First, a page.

Wednesday, December 20, 2006

Opening The Presents Early

Our unusually warm early winter has had one more consequence that takes a little explaining: it will leave me with less to look at in the spring in the garden. To me, one of the more exciting parts of gardening is that when you plant something new in the spring there is always some apprehension about whether at the end of the year it will make it through our (usually) harsh winter and reappear the following spring... I therefore love to go about when the ground has just thawed, and brush back the fallen leaves to see if anything is peeking up from these plants; it's rather like opening up Christmas presents. Well, this year I've opened up almost all my presents early; most of the new plants are already peeking up. I often will wait until spring, until I'm sure they will come back, to make a permanent label for new plants, but this year all but a handful are already jauntily sporting their shiny new markers. Above is Adonis amurensis, which blooms very early, with ferny green leaves and bright yellow, buttercup-like flowers. Below is a cultivar of Ranunculus ficaria, the lesser celandine, a very small member of the buttercup family; this particular one has flowers that are more orange than yellow. Posted by Picasa

Hello Don; I understand well the desire to see how new plants do. One year, in my quest for collecting ligularias, I purchased one known as leopard plant, zone 6. Back then it was named Ligularia tussilaginea or Farfugium tussilaginea which is why I just plain called it leopard plant. Now I am infomred it's Farfugium japonicum. I really don't care because it died but not before making it through a couple Vermont winters. I refuse to "baby" plants and this one was no exception. It was really exciting seeing it make it through and it kind of encouraged me to think about challenging more zone labels. I tried it about the same time with Arum italicum which was still hanging on near our bog garden after 4 years.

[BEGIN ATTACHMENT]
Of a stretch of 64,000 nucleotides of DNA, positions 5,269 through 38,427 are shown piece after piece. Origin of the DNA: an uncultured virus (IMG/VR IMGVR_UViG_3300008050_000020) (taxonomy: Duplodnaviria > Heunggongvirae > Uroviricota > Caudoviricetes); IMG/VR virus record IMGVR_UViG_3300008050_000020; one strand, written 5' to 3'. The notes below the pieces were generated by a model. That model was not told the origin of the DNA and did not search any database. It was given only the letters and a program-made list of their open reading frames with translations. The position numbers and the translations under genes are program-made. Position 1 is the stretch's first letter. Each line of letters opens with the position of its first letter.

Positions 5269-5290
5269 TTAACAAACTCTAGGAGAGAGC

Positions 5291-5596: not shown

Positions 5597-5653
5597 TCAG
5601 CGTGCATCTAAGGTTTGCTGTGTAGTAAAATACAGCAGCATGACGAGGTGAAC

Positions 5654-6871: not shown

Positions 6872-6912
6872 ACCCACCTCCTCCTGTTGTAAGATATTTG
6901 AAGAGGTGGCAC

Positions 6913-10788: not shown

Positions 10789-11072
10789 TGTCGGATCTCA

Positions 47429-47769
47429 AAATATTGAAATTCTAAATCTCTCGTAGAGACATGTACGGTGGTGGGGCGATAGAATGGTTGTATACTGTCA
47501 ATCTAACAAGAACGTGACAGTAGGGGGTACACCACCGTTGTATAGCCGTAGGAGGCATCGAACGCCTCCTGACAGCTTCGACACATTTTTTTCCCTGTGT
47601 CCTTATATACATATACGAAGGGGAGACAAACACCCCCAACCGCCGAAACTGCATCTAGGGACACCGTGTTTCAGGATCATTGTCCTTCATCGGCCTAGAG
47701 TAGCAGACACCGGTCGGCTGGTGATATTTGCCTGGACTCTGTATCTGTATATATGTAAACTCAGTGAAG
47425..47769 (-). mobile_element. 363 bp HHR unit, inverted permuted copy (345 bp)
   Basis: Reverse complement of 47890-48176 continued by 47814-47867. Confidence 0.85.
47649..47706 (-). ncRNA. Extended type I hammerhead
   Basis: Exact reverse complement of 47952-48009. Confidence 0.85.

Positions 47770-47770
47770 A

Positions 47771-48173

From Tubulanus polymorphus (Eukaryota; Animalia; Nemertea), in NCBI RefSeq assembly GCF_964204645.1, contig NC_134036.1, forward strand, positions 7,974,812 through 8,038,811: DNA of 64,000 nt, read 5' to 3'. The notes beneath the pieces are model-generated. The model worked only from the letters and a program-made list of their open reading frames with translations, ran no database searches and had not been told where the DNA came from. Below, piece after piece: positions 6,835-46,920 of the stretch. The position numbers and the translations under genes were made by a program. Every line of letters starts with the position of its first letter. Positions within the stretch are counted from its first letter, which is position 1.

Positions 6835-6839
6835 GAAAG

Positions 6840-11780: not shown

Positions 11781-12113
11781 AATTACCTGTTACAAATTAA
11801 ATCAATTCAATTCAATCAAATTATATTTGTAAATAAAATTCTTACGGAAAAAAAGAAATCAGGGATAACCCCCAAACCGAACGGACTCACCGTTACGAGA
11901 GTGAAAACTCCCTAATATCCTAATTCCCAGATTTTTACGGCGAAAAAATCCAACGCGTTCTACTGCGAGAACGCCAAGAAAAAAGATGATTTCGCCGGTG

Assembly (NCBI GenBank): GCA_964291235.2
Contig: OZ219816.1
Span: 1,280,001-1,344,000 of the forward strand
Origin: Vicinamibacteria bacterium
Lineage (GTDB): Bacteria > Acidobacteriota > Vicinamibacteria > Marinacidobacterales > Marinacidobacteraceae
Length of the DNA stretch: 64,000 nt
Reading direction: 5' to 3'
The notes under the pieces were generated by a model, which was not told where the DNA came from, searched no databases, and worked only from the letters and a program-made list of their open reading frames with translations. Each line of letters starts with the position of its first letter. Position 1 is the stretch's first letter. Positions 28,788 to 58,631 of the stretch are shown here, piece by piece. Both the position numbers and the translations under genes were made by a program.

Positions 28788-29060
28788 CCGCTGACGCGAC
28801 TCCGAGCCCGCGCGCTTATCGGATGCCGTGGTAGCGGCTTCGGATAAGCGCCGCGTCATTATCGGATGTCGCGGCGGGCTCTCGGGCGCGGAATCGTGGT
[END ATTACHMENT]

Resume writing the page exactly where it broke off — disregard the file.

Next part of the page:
George Africa
George... your winters kill stuff, our summers do the same. I can grow Arum italicum without problem; in fact the leaves still look great this year. What's a garden, though, without a little suspense?

Don, aren't you afraid that the tender sprouts are a bad sign? That it will have put its energy into the sprouts and then when winter comes back it will die back and have no energy left for the real spring?

Maybe I'm the only one who worries over these things... I have been admonishing my garlic sprouts every day for the past week: "Get back into the ground, you fools!" :(
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